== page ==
The Centralian advocate. (2017). Page 15, Friday May 12, 2017. Nationwide News Pty. Limited, Alice Springs. Retrieved February 20, 2021, from https://hdl.handle.net/10070/445608.

At an individual level, there is an aspect of societal control in the regulation of laughter that is very similar to the shaming of addiction and mental health. By policing laughter we are attributing to people more agency and more control over things than they actually might have, in some effort to show we have free will, or choice. Sometimes laughter is spontaneous for a very human reason.

If you are laughing to survive something, no one should tell you not to laugh. I recently saw a parent discussing online how her child was silenced from laughing in hospital by hospital staff. This young person was visiting a dying parent and they were laughing together and were told they were disrespectful by a member of the nursing staff. These last moments with their parent were intervened into by someone meaning to protect some thinly held social superiority – a power trip over this young person’s last memories of a loved parent.

I wanted to cry for them and I won’t hold back here, I want to jettison the staff member into outer space in a large cartoon slingshot.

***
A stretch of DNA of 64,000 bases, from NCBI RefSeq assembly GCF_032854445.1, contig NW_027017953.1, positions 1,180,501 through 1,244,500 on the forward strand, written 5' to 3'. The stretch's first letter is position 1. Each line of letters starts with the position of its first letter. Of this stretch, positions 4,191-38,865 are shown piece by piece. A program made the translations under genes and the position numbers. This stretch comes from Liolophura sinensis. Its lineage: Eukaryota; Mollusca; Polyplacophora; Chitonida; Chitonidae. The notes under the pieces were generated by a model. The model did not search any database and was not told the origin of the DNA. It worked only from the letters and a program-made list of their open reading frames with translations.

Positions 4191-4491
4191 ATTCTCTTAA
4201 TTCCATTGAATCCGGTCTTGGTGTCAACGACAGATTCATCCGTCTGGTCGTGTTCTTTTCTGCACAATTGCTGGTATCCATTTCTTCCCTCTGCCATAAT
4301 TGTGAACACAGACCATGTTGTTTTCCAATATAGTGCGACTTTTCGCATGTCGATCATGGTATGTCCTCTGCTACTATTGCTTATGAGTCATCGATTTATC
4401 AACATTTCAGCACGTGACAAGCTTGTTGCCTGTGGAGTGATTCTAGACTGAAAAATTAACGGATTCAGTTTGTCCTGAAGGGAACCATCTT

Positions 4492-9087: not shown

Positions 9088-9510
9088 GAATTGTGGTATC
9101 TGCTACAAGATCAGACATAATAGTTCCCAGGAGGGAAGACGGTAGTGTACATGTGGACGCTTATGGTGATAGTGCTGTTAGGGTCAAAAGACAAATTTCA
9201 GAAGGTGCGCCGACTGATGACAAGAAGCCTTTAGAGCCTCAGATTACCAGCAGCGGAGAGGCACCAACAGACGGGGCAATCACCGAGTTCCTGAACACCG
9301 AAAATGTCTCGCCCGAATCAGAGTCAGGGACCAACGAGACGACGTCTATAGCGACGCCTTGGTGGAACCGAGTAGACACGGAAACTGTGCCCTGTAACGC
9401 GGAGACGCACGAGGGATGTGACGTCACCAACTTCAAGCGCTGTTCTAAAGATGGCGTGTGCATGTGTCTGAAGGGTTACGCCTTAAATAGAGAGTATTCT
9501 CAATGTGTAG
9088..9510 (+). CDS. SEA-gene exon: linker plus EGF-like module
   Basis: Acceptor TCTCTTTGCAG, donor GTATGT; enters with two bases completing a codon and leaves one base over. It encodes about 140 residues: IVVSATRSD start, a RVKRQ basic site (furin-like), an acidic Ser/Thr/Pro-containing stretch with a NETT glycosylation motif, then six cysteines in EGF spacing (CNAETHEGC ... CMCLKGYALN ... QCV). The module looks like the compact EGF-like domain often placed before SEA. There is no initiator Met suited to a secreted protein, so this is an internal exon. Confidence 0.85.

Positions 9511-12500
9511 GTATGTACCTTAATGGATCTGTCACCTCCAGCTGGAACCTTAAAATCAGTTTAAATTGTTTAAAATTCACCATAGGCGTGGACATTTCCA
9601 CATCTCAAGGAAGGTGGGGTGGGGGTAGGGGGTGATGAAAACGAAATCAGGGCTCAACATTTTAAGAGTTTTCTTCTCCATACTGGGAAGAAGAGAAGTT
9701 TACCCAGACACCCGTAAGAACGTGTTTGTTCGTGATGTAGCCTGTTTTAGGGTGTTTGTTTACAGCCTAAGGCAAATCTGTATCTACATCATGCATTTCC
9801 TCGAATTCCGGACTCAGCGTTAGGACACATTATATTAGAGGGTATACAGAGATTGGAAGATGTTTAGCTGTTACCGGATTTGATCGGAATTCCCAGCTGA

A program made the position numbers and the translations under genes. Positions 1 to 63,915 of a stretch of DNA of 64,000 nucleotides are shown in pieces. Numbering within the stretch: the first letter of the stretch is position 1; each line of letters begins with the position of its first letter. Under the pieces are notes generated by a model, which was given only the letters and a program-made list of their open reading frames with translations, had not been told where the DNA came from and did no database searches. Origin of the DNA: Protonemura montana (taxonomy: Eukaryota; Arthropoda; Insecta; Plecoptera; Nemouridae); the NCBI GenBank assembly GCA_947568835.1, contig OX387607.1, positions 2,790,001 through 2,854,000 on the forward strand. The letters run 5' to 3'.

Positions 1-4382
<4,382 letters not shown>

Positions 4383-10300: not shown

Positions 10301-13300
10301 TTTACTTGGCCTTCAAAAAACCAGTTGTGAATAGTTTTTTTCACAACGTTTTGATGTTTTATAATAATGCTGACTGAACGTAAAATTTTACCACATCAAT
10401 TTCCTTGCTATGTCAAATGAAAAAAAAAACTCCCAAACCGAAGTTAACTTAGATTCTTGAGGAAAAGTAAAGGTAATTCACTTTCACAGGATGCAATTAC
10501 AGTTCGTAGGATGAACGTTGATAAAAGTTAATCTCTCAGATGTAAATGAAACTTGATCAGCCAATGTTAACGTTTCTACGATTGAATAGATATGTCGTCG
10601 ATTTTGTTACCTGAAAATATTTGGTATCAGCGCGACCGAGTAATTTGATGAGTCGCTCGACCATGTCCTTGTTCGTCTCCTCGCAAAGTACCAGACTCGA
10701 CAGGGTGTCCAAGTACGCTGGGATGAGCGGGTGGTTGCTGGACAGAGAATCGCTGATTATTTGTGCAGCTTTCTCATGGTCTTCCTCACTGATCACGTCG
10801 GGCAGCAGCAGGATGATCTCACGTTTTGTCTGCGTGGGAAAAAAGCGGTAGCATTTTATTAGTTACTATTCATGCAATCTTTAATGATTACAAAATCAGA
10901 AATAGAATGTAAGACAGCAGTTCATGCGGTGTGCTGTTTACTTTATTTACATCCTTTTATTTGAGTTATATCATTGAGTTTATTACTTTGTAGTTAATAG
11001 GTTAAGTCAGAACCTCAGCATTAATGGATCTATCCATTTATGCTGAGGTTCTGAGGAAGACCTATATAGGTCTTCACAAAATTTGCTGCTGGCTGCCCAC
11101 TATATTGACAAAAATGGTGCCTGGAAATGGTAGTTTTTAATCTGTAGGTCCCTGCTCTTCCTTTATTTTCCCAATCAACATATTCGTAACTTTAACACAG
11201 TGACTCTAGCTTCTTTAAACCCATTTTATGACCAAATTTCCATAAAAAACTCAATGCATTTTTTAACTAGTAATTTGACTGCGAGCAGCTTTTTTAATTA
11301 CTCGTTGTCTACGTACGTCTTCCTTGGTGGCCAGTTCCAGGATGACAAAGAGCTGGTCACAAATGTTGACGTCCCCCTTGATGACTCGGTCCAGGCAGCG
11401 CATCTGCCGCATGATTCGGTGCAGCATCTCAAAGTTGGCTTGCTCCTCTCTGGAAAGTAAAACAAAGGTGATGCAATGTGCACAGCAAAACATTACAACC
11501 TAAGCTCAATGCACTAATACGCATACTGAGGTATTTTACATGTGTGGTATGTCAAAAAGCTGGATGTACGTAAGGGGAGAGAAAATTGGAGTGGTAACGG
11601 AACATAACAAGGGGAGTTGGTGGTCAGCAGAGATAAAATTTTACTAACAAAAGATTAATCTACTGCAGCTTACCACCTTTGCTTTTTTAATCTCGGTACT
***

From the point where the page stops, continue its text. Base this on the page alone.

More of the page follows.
And I’m reminded of the last time I laughed about Dad in his presence. We had a shared memory of a time I had to resuscitate him in my early 30’s. I had to drag his 80 kilogram frame off a chair. He would laugh at me when I would later say “I don’t want to drag your sorry ass around again” whenever he did cheeky things that put his health at risk. He would love to laughingly remind me that when pulling him off the chair I had put his back in, that I had done him two favors that day.

The last time we shared this joke, I was walking with Mum down to Noosa river inlet. It’s a windy sandy track and I was struggling along and I paused and said to him “Dad this is the last time I drag your sorry ass anywhere”. Mum stopped and laughed and then we both cried for a bit and carried on, me with Dad’s ashes tucked under my arm in a rather heavy box, to the water edge.

I agree some things (like mocking other peoples experiences of violence, sexism, ableism, racism etc. to put them down) should never be mocked. This is because there is also some science about laughter having the ability to reinforce some shitty stuff (even if some in the room doesn’t think it’s funny, there is a contagion like effect that can change behaviour over time). Some behaviours can be made acceptable by laughing at them along with others. But the neuroscience shows that laughter is far more complex than even this, and way more complex than “it’s either funny or it’s not”.

Fuck judging people for laughing at the difficult things in life. The neuroscience places laughter firmly in the part of our brain that is the oldest and most linked to the uniqueness of human survival. I want to embrace that being able to laugh in the face of pain is a hallmark of survival. So, I ask you, have you laughed today?